Championships are Dependent Upon Volunteers; One was Inspired to Give Back and Others Followed
By Bob Denney, PGA Historian
There is no question that volunteers are the lifeblood of a sporting event. So, when the COVID-19 pandemic led to the cancellation of the 2020 KitchenAid Senior PGA Championship, the event’s volunteers found a way toward a different impact.
Offered reimbursement for the cost of his volunteer uniform package, Jim McAnaw of Kalamazoo, Michigan, had another idea. He contacted the Championship office and asked if his fee could instead be given to support Spectrum Health Lakeland, the event’s medical service partner. Pretty soon, volunteers were given the opportunity to do the same and more than 130 answered the call, resulting in more than $15,000 donated to Lakeland’s COVID-19 Response Fund.
“In volunteering for this event, you’re giving of yourself or a part of yourself to help others,” said McAnaw. “In this, we have a chance to help out people who matter a whole lot more than golf. You say you love golf, but what you really love is your family. There are a bunch of people who are risking themselves going out there to help our families or those around us. They’re the real heroes. They deserve this.”
This May would have been the second KitchenAid Senior PGA Championship volunteering experience for 51-year-old McAnaw, who lives 45 miles northeast of Benton Harbor, home to the Harbor Shores Resort, the Championship site. In 2018, he was a marshal on Hole No. 7, and was looking forward to marshaling again.
“I may have put this idea out there, but it was the event staff that executed it and pulled it together,” said McAnaw. “I lost my dad a few years ago. Some of the best times in my life were on that course with my dad. I want those same times with my boy,” referring to his six-year-old son, Liam.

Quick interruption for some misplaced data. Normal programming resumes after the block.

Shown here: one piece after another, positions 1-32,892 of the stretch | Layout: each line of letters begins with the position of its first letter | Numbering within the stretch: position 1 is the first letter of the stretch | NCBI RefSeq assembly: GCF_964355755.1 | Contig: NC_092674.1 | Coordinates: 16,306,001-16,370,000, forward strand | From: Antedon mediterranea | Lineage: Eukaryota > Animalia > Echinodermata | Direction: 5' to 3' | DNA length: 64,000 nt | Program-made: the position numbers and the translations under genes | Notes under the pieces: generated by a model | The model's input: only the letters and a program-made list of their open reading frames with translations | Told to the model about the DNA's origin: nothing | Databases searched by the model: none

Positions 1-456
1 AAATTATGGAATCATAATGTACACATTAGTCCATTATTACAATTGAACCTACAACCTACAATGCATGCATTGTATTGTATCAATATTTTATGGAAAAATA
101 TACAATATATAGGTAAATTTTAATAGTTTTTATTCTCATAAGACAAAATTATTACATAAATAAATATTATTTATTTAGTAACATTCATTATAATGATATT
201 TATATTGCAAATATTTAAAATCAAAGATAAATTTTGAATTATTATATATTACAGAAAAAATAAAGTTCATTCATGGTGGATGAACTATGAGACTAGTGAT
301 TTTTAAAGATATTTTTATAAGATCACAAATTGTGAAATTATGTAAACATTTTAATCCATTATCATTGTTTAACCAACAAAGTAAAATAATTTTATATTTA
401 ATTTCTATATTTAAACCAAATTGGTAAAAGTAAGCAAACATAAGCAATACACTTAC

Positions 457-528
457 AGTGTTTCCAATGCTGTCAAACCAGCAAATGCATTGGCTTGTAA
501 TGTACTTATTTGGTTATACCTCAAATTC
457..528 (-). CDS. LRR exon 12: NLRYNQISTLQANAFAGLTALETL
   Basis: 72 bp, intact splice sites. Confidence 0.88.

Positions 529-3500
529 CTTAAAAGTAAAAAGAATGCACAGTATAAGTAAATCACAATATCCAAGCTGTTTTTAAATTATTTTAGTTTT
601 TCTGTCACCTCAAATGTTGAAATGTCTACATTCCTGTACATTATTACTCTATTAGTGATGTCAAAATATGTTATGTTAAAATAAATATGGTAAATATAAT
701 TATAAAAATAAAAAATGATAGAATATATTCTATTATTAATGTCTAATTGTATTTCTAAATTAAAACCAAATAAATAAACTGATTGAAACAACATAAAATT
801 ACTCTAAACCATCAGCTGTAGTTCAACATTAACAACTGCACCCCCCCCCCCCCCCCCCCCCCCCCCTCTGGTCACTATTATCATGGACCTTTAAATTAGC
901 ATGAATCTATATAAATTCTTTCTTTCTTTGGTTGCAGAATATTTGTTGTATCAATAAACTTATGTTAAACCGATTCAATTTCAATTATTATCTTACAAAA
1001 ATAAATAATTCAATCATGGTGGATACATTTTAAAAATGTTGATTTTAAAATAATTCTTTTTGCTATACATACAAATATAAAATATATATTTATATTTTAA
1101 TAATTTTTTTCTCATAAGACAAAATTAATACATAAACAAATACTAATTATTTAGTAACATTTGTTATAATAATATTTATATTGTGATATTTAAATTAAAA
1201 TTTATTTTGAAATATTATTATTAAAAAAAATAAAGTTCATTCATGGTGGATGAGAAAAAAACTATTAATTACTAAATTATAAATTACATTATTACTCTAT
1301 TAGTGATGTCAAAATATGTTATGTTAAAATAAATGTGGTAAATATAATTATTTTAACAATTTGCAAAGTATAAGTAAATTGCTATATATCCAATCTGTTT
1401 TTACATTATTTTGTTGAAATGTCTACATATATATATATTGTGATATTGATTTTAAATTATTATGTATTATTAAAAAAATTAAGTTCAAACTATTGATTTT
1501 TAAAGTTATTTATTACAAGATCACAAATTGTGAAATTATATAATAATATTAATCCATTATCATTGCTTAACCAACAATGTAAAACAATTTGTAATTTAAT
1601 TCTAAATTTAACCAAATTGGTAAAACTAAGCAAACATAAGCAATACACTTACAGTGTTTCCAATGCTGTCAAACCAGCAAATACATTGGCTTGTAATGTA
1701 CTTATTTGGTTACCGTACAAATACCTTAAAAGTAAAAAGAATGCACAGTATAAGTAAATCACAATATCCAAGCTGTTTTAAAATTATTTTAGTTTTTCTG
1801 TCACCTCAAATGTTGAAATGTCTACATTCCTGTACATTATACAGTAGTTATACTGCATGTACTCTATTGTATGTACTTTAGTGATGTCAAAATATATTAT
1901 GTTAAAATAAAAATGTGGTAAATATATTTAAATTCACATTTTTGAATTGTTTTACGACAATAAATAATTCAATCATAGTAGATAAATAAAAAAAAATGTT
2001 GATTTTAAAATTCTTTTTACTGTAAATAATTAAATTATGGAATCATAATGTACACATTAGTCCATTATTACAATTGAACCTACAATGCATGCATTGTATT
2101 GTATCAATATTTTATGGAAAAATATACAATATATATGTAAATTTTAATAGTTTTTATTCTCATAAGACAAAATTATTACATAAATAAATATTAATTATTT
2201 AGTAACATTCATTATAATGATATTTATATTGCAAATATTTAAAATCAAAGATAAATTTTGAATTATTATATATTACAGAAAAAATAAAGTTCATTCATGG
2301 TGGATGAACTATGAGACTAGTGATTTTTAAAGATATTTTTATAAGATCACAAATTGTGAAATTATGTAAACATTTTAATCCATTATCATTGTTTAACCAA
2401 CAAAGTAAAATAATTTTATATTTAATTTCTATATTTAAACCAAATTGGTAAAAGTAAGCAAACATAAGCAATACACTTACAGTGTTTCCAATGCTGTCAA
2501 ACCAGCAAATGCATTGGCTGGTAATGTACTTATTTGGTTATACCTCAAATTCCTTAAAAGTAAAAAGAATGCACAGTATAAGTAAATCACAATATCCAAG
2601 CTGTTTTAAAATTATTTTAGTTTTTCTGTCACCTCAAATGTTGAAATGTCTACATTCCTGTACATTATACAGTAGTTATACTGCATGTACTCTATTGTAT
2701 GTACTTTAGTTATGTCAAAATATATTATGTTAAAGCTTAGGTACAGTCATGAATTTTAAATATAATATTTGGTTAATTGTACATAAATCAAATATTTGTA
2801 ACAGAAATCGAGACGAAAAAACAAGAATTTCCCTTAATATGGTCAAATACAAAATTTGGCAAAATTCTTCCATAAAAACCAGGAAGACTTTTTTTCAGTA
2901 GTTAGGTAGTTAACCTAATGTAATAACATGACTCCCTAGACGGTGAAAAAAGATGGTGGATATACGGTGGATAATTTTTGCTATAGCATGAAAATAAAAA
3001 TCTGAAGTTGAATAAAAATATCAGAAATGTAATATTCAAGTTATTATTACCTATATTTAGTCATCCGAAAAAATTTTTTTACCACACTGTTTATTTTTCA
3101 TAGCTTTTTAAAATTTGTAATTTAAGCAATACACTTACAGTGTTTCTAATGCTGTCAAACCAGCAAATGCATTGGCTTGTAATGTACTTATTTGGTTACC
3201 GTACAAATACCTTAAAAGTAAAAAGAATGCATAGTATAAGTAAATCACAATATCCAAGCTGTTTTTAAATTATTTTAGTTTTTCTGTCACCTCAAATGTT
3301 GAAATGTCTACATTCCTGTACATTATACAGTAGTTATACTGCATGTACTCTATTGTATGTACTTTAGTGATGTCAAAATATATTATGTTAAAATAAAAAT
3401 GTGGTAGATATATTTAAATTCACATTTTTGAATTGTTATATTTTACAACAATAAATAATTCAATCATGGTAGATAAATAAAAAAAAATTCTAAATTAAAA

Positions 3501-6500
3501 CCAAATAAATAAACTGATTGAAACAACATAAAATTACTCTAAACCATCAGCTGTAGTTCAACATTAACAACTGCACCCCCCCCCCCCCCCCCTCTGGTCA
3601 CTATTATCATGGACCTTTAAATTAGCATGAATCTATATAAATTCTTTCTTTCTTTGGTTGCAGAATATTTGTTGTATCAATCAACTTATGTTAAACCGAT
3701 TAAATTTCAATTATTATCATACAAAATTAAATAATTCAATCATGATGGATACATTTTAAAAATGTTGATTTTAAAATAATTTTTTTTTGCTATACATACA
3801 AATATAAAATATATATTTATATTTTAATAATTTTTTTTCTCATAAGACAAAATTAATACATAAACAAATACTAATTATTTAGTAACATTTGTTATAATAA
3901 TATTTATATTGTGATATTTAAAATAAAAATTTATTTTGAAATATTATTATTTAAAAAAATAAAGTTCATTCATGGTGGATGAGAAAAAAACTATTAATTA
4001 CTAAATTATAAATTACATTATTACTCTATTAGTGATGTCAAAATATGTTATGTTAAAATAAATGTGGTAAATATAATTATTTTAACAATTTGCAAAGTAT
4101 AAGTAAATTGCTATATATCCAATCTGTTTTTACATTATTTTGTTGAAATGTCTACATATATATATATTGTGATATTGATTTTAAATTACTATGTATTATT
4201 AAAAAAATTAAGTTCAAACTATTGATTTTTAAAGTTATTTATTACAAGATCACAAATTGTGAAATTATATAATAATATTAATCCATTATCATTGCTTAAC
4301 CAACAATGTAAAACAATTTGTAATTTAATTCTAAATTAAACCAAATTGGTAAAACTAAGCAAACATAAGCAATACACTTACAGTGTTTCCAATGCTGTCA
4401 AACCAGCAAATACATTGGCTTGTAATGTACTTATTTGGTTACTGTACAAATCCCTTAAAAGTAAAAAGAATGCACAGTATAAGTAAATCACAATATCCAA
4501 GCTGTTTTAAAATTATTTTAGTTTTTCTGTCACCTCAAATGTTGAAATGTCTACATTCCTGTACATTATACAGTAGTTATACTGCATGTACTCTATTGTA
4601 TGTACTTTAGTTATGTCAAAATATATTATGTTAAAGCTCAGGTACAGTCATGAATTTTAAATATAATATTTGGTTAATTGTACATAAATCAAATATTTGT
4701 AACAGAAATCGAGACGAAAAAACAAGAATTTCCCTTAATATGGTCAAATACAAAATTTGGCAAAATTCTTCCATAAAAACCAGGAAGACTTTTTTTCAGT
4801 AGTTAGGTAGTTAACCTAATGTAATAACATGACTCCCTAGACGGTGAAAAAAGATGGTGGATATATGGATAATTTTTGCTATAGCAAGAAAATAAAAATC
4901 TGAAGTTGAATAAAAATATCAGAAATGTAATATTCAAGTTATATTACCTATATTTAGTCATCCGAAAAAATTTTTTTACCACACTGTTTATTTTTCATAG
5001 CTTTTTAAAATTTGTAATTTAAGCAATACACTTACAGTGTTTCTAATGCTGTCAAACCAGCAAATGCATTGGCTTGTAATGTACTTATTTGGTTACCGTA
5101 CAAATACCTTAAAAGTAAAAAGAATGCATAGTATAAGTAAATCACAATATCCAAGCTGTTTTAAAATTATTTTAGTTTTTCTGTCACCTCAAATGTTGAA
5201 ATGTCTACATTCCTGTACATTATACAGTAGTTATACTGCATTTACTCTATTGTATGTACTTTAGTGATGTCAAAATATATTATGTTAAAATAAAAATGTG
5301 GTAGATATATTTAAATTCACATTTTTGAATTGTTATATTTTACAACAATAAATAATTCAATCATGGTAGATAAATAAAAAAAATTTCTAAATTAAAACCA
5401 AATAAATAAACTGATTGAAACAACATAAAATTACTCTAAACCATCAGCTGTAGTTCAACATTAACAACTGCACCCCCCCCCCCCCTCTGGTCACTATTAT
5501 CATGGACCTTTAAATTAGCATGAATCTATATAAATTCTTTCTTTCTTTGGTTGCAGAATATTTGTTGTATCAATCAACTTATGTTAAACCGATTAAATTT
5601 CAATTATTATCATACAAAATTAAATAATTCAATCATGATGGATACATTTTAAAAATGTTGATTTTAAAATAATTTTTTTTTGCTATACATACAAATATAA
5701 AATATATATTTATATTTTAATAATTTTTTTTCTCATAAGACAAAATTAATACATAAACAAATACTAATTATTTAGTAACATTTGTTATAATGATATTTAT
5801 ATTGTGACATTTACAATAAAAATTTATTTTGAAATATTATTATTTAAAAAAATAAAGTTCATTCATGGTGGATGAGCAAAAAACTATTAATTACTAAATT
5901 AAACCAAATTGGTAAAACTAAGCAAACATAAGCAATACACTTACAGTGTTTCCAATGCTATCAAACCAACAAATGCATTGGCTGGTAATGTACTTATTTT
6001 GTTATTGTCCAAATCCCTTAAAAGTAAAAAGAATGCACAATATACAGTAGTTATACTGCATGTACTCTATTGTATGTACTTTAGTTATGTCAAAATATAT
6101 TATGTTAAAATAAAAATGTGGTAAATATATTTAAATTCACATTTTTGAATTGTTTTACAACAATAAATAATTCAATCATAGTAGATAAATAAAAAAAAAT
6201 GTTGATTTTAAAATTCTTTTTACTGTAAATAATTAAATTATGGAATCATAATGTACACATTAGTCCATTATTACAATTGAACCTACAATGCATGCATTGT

McAnaw, a graduate of Western Michigan University, is employed by Epredia of Kalamazoo, a global company that focuses on enhancing precision cancer diagnostics.
“This [volunteer donation] is our chance to give back and help others,” he said. “I had signed up to do something, and when I realized this money was available, I felt it was more important to do something with it than just have it returned.”
“Every other year, some 1,500 volunteers answer the call to help showcase our communities through this Championship,” said Ryan Ogle, Championship Director for the KitchenAid Senior PGA Championship. “In seven years living in Southwest Michigan, I have always been impressed with our culture of giving back and supporting our neighbors. This selfless act by our volunteers tops the list and it is something I will never forget.”
The Harbor Shores Resort has hosted the KitchenAid Senior PGA Championship every other year since 2012. Mark and Kate Seaman have served on the Spectator Services or Championship Office committees, respectively, every time the tournament has been played six miles from their St. Joseph home.
The parents of three grown children, Mark owns a local environmental consulting firm and Kate is employed by a local bank. This is their community.
“[The option to donate] is a great opportunity for people to help, in some way, our healthcare workers who are spread thin throughout our area,” said Kate of this year’s donation to Spectrum Health Lakeland. “Our healthcare workers are putting in a lot of hours and are bracing for more to come.”
“We’re a small community, and we know folks who work there. Nobody is complaining, and they are working hard and trying to stay ahead of this.”
PGA of America
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